Following an accident occurred to my mother, I come back to live in my hometown, a small village North of Naples, Southern Italy, from which I escaped when young. The decline of this part of the country is so bad, and living conditions have deteriorated so far, that religion represents the only way to bear the burden.
Aware that the situation won’t improve, people are waiting for a miracle. Religious icons are everywhere, in the streets, in the houses, at the hospital. There too, its conditions are such that everything is entrusted to miracles and not to doctors.
I wait for her recovery but I see my mother’s condition worsening until she enters into a coma, and I can’t get any credible information from doctors about her situation. My waiting comes soon to a standstill. My life is suspended throughout the long hours spent in the hospital and in my mother’s empty flat, without any expectation regarding her recovery.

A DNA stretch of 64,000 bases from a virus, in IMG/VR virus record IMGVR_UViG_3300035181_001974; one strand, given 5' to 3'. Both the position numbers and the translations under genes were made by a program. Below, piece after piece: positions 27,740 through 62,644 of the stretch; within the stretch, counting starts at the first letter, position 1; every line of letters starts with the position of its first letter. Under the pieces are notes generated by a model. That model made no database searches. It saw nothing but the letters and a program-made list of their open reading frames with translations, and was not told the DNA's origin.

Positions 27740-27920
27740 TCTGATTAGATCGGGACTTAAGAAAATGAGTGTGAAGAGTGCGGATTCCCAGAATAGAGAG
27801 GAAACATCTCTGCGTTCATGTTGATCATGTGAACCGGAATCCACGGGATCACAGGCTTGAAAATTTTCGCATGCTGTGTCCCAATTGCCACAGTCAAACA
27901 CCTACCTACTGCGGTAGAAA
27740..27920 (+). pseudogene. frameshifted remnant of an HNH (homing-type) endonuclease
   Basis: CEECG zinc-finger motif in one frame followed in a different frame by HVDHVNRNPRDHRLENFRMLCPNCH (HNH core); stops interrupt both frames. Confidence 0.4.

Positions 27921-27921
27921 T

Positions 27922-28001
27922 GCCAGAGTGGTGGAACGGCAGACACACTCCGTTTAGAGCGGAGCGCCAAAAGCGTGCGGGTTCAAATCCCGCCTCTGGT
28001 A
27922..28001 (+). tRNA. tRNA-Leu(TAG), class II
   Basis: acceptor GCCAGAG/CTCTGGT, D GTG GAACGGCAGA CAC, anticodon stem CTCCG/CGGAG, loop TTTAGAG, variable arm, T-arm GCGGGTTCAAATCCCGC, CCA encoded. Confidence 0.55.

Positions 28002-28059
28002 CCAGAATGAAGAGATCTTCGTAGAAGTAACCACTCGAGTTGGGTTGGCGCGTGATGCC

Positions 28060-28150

I find her incredible collection of pictures: from the intense black and white shots printed on fibre paper when she was young during the war, to the less deep black and white analogues printed on industrial resin paper belonging to the ‘60s and the ‘70s, until early colours pictures of the ‘80s. Some deteriorated, some other badly framed, all of them look wonderful with the help of memory. Waiting for her death, I have the opportunity to investigate her life when young and remember moments of my relationship with her. I imagine that those snapshots represent her memories during the coma.
Over a year with my mother I recorded in my images the hospital where I spent endless days, her empty flat, religious icons spreading everywhere, moments with her after the temporary recovery, and, lastly, her death. Dealing with archive pictures I discover the role of photography in evoking memory.